Here are some striking photos of these remembering traditions from around the globe:

MexicoDiaDeMuertos budapestAllSaints Mexico-City-Mexico-Miniat-003 Mexico-City-MexicoA-man-d-006 Croatiacommemorate-All-012 PeruDayDead MexicoSanGregorio GuatemalaDead Perucemetary HaitiDead Spaindead An-Indian-Christian-famil-027 An-Indian-Christian-famil-028Remembering those who have gone before us, and pausing to do so—is counter-culture. Typically, holidays in the West do not include much pausing at all, but are in fact busier. Many, many people will not take even a few moments [much less two days] to reflect, pray, light candles, sing, eat with friends and family, and to remember.

Perhaps that’s why we struggle so much with the teachings of Jesus of Nazareth. They are not bumper sticker material or perfect for your newest t-shirt design. Jesus’ teachings, like those of any spiritual leader, require time and effort to unpack, study, and think about.

While the world keeps trying to convince us that we ought to fight with each other and compete for resources so that we will be in a certain social class, if we pause, we can hear something different.

We can hear from this Jesus of Nazareth that the path of humility is the one to walk; that our so-called important accomplishments are not so important.

That taking risks for the sake of others is important; that forgiving is far worth the time and energy; that loving people unconditionally as they are can move psychological mountains; that it’s better and more healthy to be skeptical of what the world says is normal; that it is oh so beneficial for you and for everyone if you stop judging others; and that if we do something good for a living creature [whether animal, plant, or human], without expecting anything in return—something positive spreads.

I don’t believe in saints [at least I don’t believe that there were or are certain people who are religiously more important or spiritually superior].

But I do think that we have an invitation to remember.

We’ll need to slow down our busy minds and bodies for a moment, though.
We will need to remember that where there is death, life is right next door.
And vice versa.

We’ll have to admit that the Jesus we often talk about in churches is not the Jesus of Scripture, who especially blessed the kinds of people who are typically left out of most churches.

And if we light candles, sings songs, say prayers, visit cemeteries, meditate, or think about it deeply—we’ll need to remember that blessing is not immunity from pain or loss or doubt. Remembering to be blessed is also remembering to be honest about what you feel, what you’re going through, and not ignoring it.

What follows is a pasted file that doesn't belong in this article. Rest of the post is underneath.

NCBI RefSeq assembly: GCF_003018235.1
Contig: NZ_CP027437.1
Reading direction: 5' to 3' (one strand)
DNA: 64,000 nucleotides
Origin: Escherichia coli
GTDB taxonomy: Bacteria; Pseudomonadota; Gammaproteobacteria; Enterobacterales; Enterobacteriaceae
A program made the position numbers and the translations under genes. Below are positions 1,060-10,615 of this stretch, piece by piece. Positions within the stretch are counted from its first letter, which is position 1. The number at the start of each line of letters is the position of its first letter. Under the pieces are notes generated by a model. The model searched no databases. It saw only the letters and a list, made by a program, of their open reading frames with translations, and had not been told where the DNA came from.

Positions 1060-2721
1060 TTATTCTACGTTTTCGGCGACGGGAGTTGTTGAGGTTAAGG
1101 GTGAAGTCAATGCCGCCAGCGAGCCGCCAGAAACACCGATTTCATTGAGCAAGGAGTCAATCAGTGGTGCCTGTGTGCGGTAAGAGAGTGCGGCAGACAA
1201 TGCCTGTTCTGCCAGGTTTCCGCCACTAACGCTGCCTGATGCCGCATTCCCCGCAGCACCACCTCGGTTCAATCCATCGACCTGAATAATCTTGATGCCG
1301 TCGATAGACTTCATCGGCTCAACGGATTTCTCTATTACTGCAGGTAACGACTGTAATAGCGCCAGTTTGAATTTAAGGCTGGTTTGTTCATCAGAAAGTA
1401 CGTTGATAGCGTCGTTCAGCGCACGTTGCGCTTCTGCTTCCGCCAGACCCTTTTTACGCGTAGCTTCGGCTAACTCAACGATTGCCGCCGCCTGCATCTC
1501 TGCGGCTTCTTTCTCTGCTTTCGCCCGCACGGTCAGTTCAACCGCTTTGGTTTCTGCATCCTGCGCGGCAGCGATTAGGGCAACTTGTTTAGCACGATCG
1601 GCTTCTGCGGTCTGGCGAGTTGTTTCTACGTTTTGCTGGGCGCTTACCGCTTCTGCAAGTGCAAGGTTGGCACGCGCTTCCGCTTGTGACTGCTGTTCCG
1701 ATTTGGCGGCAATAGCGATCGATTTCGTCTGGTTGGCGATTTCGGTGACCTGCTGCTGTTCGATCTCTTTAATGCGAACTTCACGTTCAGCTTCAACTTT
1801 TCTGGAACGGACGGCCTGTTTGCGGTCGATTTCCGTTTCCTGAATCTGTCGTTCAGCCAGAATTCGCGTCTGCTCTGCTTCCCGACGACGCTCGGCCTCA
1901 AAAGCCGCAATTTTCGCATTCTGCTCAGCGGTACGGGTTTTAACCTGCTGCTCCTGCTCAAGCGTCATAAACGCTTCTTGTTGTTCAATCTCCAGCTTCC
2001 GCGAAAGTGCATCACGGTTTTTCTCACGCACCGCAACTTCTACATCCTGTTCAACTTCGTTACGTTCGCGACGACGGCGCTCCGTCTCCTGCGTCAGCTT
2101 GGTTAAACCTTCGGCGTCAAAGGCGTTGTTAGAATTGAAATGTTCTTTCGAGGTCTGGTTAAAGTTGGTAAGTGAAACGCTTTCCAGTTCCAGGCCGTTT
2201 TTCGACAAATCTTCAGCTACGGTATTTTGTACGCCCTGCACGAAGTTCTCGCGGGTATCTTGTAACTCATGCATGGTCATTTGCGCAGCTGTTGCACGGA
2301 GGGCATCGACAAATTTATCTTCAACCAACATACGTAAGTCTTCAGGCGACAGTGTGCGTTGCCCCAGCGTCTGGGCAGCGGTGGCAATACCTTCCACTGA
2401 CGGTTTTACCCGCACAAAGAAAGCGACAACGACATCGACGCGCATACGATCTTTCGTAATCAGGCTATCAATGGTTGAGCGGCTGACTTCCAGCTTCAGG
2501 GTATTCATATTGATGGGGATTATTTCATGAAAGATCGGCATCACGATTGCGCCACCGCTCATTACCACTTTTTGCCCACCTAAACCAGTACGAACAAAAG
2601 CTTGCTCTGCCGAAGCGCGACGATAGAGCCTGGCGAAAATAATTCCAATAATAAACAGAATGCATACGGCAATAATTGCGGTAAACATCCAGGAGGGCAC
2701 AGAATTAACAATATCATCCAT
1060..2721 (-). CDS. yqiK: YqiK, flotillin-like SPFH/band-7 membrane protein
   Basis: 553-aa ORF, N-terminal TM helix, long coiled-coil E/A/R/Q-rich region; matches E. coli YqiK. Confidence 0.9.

Such a practice will also help us to see others and their pain, suffering, and sense of loss.

And such remembering can lead us to the real blessing of wholeness [Shalom], recognizing our full humanity and that the Spirit lives and moves in us all. Such remembering can lead to contentment and an authentic joy in life that does not depend on all the external circumstances.

So friends, remember.

[1] 1. Urlin, Ethel L. Festivals, Holy Days, and Saint’s Days: A Study in Origins and Survivals in Church Ceremonies and Secular Customs. (Detroit: Gale Research, 1974) pp.190-97.

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Josh grew up in the Midwest before completing a B.A. in Theatre at Northwestern College [IA] and a Masters of Divinity [M.Div.] at Princeton Theological Seminary [NJ]. An ordained minister in the United Church of Christ [UCC], Josh has lived and worked in the Midwest, East Coast, Hawai’i, and Mexico. He is the co-founder and Executive Director of The Welcome Project PA, host of the Bucks-Mont PRIDE Festival, and he is Pastor of Love In Action UCC, an open and affirming congregation featured in a Vox Media episode of Divided States of Women with Liz Plank and in the Philadelphia Inquirer. Josh has 20+ years of nonprofit experience, including leading workshops and training in corporate, medical, and academic settings, focused on diversity & inclusion, grant writing, fund raising, and program management. Josh is a fellow of Interfaith Philadelphia, and designs and coordinates HS and University student groups for interfaith immersion service-learning weeks. Josh also co-facilitates Ally trainings for LGBTQIA+ inclusion and interfaith cooperation. He is a founding member of The Society for Faith & Justice, and a Collaborator for Nurturing Justice, and a member of the Driving PA Forward team via New Sanctuary Movement. He also performs regularly with the dinner theatre company, Without a Cue Productions, and has developed theatre arts curriculum for use in religious and secular settings. Josh also enjoys running, singing, traveling, learning languages, or making strange and funny faces. He lives in Center City Philly.